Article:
MIB object identifier tree
The branch of the MIB object identifier tree.

When an SNMP manager wants to know the value of an object / characteristic, such as the state of an alarm point, the system name, or the element uptime, it will assemble a GET packet that includes the OID for each object / characteristic of interest. The element receives the request and looks up each OID in its code book (MIB). If the OID is found (the object is managed by the element), a response packet is assembled and sent with the current value of the object / characteristic included. If the OID is not found, a special error response is sent that identifies the unmanaged object.

When an element sends a TRAP packet, it can include OID and value information (bindings) to clarify the event. DPS remote units send a comprehensive set of bindings with each TRAP to maintain traditional telemetry event visibility. Well-designed SNMP managers can use the bindings to correlate and manage the events. SNMP managers will also generally display the readable labels to facilitate user understanding and decision-making.

This article in our series on the Simple Network Management Protocol (SNMP) examines the communication between managers and agents. Basic serial telemetry protocols, like TBOS, are byte oriented with a single byte exchanged to communicate. Expanded serial telemetry protocols, like TABS, are packet oriented with packets of bytes exchanged to communicate. The packets contain header, data and checksum bytes. SNMP is also packet oriented with the following SNMP v1 packets (Protocol Data Units or PDUs) used to communicate:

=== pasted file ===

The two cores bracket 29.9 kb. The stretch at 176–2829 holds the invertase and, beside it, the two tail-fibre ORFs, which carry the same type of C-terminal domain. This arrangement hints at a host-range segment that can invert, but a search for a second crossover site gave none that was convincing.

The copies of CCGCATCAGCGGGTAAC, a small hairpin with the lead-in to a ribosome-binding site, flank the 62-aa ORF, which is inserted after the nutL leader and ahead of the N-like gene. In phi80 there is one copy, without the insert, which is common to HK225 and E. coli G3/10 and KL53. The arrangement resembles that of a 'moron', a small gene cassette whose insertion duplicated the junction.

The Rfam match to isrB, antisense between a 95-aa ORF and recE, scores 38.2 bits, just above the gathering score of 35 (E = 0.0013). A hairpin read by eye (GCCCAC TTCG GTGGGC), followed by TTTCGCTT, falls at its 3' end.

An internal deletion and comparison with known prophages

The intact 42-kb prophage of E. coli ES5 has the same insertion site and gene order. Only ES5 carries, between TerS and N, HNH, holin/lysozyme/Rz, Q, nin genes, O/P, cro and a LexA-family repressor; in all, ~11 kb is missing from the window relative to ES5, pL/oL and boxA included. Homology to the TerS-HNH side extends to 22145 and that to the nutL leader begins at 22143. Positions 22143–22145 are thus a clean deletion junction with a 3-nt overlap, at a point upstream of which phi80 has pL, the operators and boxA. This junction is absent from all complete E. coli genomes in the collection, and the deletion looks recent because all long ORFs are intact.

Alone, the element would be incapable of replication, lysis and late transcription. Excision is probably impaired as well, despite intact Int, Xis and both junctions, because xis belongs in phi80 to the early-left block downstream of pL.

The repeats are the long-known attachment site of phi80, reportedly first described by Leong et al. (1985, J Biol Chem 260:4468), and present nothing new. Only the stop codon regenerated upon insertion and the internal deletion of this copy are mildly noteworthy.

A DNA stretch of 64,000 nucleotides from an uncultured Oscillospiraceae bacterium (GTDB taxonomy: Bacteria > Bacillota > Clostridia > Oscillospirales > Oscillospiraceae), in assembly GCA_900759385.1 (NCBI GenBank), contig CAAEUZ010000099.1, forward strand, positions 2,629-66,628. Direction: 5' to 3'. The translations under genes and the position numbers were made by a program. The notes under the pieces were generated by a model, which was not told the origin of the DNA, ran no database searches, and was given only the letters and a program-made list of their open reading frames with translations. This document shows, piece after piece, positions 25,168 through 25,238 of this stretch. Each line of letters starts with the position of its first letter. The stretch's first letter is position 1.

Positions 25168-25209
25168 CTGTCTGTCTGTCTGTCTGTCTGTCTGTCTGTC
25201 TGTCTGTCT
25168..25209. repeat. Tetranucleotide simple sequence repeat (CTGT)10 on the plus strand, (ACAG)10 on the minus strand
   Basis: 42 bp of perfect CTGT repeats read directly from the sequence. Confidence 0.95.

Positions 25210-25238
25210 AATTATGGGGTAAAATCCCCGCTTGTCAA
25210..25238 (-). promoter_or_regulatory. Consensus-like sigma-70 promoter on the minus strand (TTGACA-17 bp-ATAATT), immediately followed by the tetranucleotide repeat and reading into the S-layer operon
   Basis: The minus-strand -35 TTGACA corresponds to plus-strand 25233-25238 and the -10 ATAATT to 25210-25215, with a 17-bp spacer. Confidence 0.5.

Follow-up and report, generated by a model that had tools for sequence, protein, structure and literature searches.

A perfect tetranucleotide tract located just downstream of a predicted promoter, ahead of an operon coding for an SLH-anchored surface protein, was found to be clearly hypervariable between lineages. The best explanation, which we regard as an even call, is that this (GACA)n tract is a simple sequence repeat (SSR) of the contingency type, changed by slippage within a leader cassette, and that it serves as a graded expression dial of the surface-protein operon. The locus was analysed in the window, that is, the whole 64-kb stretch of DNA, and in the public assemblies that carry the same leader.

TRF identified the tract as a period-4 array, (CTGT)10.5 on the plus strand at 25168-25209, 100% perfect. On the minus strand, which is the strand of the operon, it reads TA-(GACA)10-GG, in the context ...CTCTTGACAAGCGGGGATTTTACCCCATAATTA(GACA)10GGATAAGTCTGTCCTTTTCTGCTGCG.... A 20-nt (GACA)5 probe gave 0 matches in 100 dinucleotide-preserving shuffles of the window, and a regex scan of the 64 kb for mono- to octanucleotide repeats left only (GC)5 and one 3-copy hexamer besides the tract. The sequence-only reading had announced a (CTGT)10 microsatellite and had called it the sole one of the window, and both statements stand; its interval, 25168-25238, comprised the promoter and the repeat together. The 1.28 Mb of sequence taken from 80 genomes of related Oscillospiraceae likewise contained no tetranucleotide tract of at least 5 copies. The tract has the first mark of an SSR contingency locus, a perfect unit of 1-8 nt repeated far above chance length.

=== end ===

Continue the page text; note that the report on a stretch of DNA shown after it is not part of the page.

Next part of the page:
1. Get
  2. GetNext
  3. Set
  4. Trap

The manager sends a Get or GetNext to read a variable or variables and the agent's response contains the requested information if managed. The manager sends a Set to change a variable or variables and the agent's response confirms the change if allowed. The agent sends a Trap when a specific event occurs.

SNMP Products:

snmp rtu
32-Point SNMP RTU
rtu power switching
8-port PDU (Power Strip) w/SNMP
security camera rtu
IP camera
w/SNMP
sfp fiber interface for SNMP
SNMP-over-Fiber
RTU
t1 interface for snmp reporting
SNMP-over-T1
RTU

The image below shows the packet formats. Each variable binding contains an identifier, a type and a value (if a Set or response). The agent checks each identifier against its MIB to determine whether the object is managed and changeable (if processing a Set). The manager uses its MIB to display the readable name of the variable and sometimes interpret its value.

SNMP Packet Formats
SNMP Packet Formats

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SNMP Tutorial by - July 21, 2010 - 20 pages
Publisher: DPS Telecom - Language: English - Free PDF Download
Average user rating: 3.9 out of 5 stars (17 reviewers)

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What Do You Want To Do With SNMP?

  1. Mediate SNMP and Other Protocols
  2. Display SNMP Alarm Data at Your NOC and in Your Web Browser
  3. Monitor Discrete, Analog, and Ping Alarms via SNMP
  4. Automatically Dispatch Repair Personnel
  5. Control Remote Equipment via SNMP
  6. Use Dial-Up Connections to Link SNMP Remotes to LAN
  7. Find the SNMP Alarm Monitoring Capacity That's Right for Your Size Site
  8. Use T1 Connection to Link SNMP Remotes to LAN

What Do You Want To Learn About SNMP?

  1. SNMP Tutorials - Learn More About SNMP
  2. 8 things you need to know before selecting an SNMP proxy agent to monitor your non-SNMP managed devices